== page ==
Conventional railroads in the United States and elsewhere are typically formed by a compacted sub-grade, a bed of gravel ballast, wooden cross-ties positioned upon and within the ballast, and parallel steel rails secured to the ties. Variations of construction occur at road and bridge crossings and in other circumstances. The ballast beneath and between the ties stabilizes the positions of the ties, keeps the rails level, and provides some cushioning of the composite structure for loads imposed by rail traffic. Vibrations from the movement of tracked vehicles over the rails and weathering from wind, rain, ice, and freeze and thaw cycles can all contribute to dislodging of some of the ballast over time. Thus, in addition to other maintenance activities, it is necessary to replace ballast periodically to maintain the integrity and safety of railroads.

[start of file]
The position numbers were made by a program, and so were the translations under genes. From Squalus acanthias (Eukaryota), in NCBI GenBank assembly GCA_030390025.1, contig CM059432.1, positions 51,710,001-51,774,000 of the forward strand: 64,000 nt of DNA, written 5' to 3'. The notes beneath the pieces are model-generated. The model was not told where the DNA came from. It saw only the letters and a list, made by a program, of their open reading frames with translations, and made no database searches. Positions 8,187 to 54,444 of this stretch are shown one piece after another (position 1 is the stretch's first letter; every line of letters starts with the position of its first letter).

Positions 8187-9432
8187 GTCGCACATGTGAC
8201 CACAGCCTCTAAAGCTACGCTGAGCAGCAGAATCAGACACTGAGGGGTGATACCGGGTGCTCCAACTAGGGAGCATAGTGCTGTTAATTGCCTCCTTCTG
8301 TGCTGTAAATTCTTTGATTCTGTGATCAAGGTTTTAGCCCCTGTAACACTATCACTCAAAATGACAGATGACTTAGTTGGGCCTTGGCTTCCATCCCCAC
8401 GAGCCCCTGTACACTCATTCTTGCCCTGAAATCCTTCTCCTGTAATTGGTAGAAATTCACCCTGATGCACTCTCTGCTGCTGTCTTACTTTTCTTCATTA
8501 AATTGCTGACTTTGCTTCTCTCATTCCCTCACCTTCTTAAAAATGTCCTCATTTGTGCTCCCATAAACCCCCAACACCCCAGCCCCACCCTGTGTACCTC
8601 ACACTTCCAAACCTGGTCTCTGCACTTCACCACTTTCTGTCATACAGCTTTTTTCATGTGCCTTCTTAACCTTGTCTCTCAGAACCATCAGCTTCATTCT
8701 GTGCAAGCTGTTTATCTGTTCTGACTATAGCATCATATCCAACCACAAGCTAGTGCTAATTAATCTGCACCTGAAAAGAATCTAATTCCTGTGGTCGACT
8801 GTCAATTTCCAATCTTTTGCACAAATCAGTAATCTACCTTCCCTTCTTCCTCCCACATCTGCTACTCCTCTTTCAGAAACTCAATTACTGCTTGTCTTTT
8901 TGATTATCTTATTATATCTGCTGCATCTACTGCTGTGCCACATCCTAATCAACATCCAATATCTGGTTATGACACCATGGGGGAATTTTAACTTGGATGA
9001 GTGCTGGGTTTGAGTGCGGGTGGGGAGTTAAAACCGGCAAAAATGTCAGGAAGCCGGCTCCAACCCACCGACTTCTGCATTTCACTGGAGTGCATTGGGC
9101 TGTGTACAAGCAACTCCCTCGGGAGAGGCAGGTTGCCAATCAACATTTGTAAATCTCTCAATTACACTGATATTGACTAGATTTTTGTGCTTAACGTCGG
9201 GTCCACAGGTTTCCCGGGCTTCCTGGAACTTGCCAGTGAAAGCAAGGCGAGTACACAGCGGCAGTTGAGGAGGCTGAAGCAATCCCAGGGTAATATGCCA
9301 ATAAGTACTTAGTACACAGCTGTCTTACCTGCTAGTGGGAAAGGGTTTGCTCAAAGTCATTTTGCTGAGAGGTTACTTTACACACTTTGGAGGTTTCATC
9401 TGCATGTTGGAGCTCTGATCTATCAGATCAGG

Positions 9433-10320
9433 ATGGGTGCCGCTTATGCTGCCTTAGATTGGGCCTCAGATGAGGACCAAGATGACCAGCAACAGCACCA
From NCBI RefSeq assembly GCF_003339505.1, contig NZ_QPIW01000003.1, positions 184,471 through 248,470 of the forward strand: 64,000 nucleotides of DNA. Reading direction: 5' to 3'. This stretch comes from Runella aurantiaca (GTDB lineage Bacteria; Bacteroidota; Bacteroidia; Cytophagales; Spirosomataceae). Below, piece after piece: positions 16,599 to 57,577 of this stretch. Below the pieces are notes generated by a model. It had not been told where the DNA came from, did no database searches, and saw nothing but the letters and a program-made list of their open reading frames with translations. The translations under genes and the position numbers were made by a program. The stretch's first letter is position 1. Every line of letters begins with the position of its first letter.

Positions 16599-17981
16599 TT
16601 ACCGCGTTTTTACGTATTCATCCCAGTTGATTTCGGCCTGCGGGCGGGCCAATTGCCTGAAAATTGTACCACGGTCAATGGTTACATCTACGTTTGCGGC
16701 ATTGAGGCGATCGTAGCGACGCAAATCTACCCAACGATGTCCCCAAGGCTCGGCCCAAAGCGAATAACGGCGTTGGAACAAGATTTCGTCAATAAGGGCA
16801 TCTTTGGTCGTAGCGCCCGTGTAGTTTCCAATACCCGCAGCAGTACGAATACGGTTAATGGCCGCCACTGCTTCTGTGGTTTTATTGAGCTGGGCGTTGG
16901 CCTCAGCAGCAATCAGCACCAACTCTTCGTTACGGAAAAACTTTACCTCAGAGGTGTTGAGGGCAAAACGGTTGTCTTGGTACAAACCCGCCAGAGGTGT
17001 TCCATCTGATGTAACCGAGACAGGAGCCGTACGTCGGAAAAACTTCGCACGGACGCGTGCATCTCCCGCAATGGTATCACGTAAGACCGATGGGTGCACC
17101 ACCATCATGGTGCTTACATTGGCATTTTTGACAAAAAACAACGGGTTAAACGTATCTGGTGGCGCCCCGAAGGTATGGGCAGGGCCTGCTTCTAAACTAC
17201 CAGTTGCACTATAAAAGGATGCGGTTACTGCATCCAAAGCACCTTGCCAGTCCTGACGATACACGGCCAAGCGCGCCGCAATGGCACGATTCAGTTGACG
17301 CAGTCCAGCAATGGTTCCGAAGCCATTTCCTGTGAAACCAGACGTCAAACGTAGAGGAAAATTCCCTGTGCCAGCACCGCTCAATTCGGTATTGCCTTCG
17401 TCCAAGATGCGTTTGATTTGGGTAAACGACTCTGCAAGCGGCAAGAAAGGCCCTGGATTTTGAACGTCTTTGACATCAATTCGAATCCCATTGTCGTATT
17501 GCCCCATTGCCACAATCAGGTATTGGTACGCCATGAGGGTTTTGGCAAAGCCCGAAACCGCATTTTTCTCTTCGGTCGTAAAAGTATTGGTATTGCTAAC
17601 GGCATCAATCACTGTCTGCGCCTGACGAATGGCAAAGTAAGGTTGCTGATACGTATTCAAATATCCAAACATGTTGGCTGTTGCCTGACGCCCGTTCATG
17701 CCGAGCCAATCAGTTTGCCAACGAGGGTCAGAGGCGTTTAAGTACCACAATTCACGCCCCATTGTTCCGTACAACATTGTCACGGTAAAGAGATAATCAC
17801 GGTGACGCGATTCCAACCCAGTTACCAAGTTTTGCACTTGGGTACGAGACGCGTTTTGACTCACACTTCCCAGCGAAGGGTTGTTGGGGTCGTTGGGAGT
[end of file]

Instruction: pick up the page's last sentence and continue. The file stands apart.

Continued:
Conventionally, ballast is spread using specially configured ballast hopper cars which include a hopper structure holding a quantity of ballast, a ballast chute communicating with the hopper, and a motorized ballast discharge door in the chute. The door can be controlled to selectively open or close to control the discharge of ballast. In some designs, the discharge door can be controlled to open outboard toward the outside of the rails, to close, or to open inboard toward the inside between the rails. Typical ballast hopper cars have a front hopper and a rear hopper, and each hopper has two transversely spaced doors, one to the left and one to the right. Thus, each hopper door can be controlled to discharge ballast outside the rails on the left and/or the right or between the rails. A typical configuration of a ballast hopper car is described in more detail in U.S. Pat. No. 5,657,700, which is incorporated herein by reference.